The Obama Administration has been active in addressing sexual assault, including issuance of several Dear Colleague Letters (DCL), the most influential of which was published in April 2011.

While the DCLs have addressed both K-12 and collegiate learning environments, the vast majority of their impact to date has been felt in the higher education environment. Some experts believe that addressing college sexual assault should start during the K-12 curriculum. The September 19 notice and Safe Place to Learn are intended to serve this purpose.

Next Steps

School districts should consider whether revisions are necessary to their sexual misconduct policies. Districts also should train school administrators, human resources, and faculty on how best to respond to reports of sexual misconduct.

Please contact Jackson Lewis for assistance with the September 19 notice, sexual misconduct, and Title IX in general.

©2016 Jackson Lewis P.C. This material is provided for informational purposes only. It is not intended to constitute legal advice nor does it create a client-lawyer relationship between Jackson Lewis and any recipient. Recipients should consult with counsel before taking any actions based on the information contained within this material. This material may be considered attorney advertising in some jurisdictions. Prior results do not guarantee a similar outcome.

Reproduction of this material in whole or in part is prohibited without the express prior written consent of Jackson Lewis P.C., a law firm with more than 900 attorneys in major cities nationwide serving clients across a wide range of practices and industries. Having built its reputation on providing premier workplace law representation to management, the firm has grown to include leading practices in the areas of government relations, healthcare and sports law. For more information, visit www.jacksonlewis.com.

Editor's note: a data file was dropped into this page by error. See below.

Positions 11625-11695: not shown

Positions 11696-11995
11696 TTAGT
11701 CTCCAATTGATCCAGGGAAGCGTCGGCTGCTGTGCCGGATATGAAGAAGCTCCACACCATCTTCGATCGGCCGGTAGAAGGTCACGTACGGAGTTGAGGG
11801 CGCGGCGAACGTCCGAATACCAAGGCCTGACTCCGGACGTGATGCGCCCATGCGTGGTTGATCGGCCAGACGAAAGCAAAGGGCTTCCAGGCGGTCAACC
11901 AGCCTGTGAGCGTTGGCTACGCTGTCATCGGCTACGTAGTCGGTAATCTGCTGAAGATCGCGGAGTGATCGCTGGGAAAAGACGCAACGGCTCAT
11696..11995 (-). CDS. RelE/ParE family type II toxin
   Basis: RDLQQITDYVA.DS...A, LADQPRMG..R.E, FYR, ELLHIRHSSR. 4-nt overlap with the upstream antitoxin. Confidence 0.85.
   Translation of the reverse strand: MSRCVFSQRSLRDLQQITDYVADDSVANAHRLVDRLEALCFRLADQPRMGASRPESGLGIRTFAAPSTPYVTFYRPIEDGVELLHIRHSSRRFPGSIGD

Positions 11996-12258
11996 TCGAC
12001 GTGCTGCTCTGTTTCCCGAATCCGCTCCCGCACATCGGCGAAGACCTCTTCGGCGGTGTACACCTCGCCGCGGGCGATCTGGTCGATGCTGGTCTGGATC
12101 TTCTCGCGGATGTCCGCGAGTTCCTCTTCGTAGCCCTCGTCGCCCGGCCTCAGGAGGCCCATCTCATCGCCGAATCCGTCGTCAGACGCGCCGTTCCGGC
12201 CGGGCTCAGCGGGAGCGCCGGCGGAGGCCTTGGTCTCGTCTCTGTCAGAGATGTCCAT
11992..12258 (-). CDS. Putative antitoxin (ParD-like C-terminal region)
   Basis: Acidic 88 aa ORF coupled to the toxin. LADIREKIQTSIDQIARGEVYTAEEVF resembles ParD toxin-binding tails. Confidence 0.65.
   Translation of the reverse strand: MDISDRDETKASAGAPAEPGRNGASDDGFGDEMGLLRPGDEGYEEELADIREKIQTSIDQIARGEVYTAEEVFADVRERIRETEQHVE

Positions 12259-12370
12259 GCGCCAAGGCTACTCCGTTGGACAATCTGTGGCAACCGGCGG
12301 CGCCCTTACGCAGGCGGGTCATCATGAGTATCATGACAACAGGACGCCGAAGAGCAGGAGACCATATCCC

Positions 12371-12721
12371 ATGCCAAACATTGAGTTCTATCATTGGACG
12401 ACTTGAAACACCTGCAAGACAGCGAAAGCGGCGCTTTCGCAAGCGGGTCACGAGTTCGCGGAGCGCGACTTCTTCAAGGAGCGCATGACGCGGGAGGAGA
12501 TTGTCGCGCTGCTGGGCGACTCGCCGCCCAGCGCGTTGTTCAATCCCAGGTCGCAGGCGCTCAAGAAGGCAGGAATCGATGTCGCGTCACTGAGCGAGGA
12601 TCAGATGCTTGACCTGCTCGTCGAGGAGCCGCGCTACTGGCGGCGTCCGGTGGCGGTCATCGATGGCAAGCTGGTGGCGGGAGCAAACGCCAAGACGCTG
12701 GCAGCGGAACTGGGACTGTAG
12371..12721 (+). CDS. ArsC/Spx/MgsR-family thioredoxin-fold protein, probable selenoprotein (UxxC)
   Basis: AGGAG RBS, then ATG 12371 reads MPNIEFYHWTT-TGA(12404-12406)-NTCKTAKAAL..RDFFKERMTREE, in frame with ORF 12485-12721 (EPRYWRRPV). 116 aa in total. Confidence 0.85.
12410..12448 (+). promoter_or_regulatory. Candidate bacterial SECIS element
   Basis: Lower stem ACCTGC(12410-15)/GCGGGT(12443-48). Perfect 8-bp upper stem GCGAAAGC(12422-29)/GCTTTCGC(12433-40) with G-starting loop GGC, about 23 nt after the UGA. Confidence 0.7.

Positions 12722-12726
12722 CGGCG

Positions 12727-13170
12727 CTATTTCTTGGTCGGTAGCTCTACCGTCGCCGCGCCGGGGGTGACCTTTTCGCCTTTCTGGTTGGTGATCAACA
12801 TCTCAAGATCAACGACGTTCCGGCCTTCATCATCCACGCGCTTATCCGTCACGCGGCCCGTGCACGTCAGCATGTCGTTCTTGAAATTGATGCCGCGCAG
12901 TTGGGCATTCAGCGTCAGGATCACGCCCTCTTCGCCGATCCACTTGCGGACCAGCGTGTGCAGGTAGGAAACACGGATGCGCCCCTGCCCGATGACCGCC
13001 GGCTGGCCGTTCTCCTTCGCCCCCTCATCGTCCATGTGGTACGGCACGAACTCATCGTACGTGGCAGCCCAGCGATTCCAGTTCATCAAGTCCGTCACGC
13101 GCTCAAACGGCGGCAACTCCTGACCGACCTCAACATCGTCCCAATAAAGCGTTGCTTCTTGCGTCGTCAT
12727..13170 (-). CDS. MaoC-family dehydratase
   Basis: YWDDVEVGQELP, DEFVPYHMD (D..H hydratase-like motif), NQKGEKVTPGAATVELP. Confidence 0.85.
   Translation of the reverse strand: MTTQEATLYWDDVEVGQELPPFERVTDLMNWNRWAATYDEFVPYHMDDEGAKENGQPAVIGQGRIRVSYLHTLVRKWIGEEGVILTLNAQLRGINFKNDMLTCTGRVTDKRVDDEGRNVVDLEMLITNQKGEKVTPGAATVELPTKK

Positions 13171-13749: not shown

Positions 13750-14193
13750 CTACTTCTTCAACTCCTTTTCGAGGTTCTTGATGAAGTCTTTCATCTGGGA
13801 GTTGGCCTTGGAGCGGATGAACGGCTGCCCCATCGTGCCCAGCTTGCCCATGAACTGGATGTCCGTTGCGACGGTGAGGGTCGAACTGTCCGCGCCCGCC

See AllRelated Articles You May Like

April 16, 2019

Indiana Court Declines to Expand At-Will Employment Exception

April 16, 2019

Reaffirming Indiana’s “strong” presumption of at-will employment, the Indiana Court of Appeals has declined to expand the public policy exception to the at-will employment doctrine to include an employee’s mistaken belief that he was subpoenaed to testify at an unemployment hearing. Perkins v. Memorial Hosp. of South Bend, No. 18A-CT-... Read More

April 2, 2019

Eleventh Circuit Clarifies Its ‘Similarly Situated’ Standard for Workplace Discrimination Claims

April 2, 2019

The proper standard for comparator evidence in cases alleging intentional discrimination is “similarly situated in all material aspects,” the U.S. Court of Appeals for the Eleventh Circuit has clarified in an en banc ruling. Lewis v. City of Union City, Ga., No. 15-11362, 2019 U.S. App. LEXIS 8450 (11th Cir. Mar. 21, 2019). The... Read More

April 1, 2019

Retail Industry Workplace Law Update – Spring 2019

April 1, 2019

Class Action Trends Report The latest issue of our quarterly report on new developments in class action litigation focuses on independent contractors and covers the following topics: Is an “independent contract” enough? Independent contractors in California Potential strategies to protect your company and tips to defend... Read More